The Origins of Technology-Skill Complementarity

40 Pages Posted: 27 Dec 2010

See all articles by Claudia Goldin

Claudia Goldin

Harvard University - Department of Economics; National Bureau of Economic Research (NBER)

Lawrence F. Katz

Harvard University - Department of Economics; National Bureau of Economic Research (NBER)

Multiple version iconThere are 2 versions of this paper

Date Written: July 1996

Abstract

Current concern with relationships among particular technologies, capital, and the wage structure motivates this study of the origins of technology-skill complementarity in manufacturing. We offer evidence of the existence of technology-skill and capital-skill (relative) complementarities from 1909 to 1929, and suggest that they were associated with continuous-process and batch methods and the adoption of electric motors. Industries that used more capital per worker and a greater proportion of their horsepower in the form of purchased electricity employed relatively more educated blue-collar workers in 1940 and paid their blue-collar workers substantially more from 1909 to 1929. We also infer capital-skill complementarity using the wage-bill for non-production workers and find that the relationship was as large from 1909-19 as it has been recently. Finally, we link our findings to those on the high-school movement (1910 to 1940). The rapid increase in the supply of skills from 1910 to 1940 may have prevented rising inequality with technological change.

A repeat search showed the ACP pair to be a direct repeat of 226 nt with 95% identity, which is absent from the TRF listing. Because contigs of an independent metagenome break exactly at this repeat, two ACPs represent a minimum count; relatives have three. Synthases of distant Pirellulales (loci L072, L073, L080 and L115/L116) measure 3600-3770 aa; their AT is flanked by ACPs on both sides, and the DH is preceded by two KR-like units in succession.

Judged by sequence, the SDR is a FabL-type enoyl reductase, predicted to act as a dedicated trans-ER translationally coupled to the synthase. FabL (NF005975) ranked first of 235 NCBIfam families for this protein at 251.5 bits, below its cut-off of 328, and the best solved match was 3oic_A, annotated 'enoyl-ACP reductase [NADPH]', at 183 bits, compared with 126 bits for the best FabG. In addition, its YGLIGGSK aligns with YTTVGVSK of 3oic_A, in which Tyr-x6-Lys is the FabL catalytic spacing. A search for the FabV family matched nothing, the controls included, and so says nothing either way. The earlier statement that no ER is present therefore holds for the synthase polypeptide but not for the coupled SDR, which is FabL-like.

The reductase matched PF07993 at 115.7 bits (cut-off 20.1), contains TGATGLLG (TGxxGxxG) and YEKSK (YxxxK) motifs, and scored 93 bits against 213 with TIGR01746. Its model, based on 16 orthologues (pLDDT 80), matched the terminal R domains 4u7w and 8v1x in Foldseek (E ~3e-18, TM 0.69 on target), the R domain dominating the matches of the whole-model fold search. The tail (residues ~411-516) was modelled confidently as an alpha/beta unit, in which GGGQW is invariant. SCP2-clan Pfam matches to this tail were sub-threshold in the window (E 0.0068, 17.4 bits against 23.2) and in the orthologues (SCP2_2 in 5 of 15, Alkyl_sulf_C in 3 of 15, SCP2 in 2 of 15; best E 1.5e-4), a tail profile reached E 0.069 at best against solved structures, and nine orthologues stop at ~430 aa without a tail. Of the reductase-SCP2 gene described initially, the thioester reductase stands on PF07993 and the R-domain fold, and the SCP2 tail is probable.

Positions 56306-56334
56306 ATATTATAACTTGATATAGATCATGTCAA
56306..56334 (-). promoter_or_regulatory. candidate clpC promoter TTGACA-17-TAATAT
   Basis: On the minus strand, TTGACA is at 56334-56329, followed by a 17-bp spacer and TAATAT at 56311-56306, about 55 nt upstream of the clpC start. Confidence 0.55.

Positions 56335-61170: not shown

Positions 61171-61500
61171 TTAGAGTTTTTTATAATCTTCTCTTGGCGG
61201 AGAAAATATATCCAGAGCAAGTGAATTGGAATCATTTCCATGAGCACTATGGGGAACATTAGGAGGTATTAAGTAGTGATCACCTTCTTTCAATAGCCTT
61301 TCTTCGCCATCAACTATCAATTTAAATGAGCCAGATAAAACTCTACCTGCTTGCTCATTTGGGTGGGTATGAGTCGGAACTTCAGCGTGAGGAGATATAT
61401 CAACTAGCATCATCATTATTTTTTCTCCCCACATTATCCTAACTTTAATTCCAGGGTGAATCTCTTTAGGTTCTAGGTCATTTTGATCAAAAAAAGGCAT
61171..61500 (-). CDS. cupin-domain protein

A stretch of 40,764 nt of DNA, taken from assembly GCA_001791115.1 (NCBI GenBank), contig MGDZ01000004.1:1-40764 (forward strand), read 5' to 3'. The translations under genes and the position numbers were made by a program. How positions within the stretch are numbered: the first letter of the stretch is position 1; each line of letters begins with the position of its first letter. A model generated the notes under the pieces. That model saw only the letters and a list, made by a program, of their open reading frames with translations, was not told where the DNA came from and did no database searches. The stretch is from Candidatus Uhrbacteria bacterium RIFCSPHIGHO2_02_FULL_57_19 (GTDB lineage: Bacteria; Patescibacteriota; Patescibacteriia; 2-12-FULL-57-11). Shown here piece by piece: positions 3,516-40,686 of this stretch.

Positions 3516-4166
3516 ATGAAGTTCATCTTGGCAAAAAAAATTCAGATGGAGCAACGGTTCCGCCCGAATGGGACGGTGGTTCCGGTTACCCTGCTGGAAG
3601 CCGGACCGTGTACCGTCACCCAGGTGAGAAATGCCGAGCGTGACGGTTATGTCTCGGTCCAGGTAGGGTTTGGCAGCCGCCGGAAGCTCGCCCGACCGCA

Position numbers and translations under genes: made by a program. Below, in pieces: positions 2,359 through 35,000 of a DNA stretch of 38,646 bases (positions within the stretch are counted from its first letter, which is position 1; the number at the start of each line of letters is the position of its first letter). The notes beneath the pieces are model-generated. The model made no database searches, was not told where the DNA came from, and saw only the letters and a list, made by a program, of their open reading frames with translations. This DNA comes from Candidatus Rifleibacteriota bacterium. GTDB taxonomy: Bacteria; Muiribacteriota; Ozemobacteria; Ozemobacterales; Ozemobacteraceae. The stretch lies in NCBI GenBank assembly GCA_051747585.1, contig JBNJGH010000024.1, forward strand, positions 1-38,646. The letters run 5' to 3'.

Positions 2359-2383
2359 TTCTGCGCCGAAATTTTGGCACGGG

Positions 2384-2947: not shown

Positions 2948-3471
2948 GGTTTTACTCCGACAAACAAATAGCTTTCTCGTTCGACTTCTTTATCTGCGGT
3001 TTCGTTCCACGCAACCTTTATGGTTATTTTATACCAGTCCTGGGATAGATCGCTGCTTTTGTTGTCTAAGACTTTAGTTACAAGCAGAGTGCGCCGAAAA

Suggested Citation

Goldin, Claudia and Katz, Lawrence F., The Origins of Technology-Skill Complementarity (July 1996). NBER Working Paper No. w5657. Available at SSRN: https://ssrn.com/abstract=1729074

Claudia Goldin (Contact Author)

Harvard University - Department of Economics ( email )

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Lawrence F. Katz

Harvard University - Department of Economics ( email )

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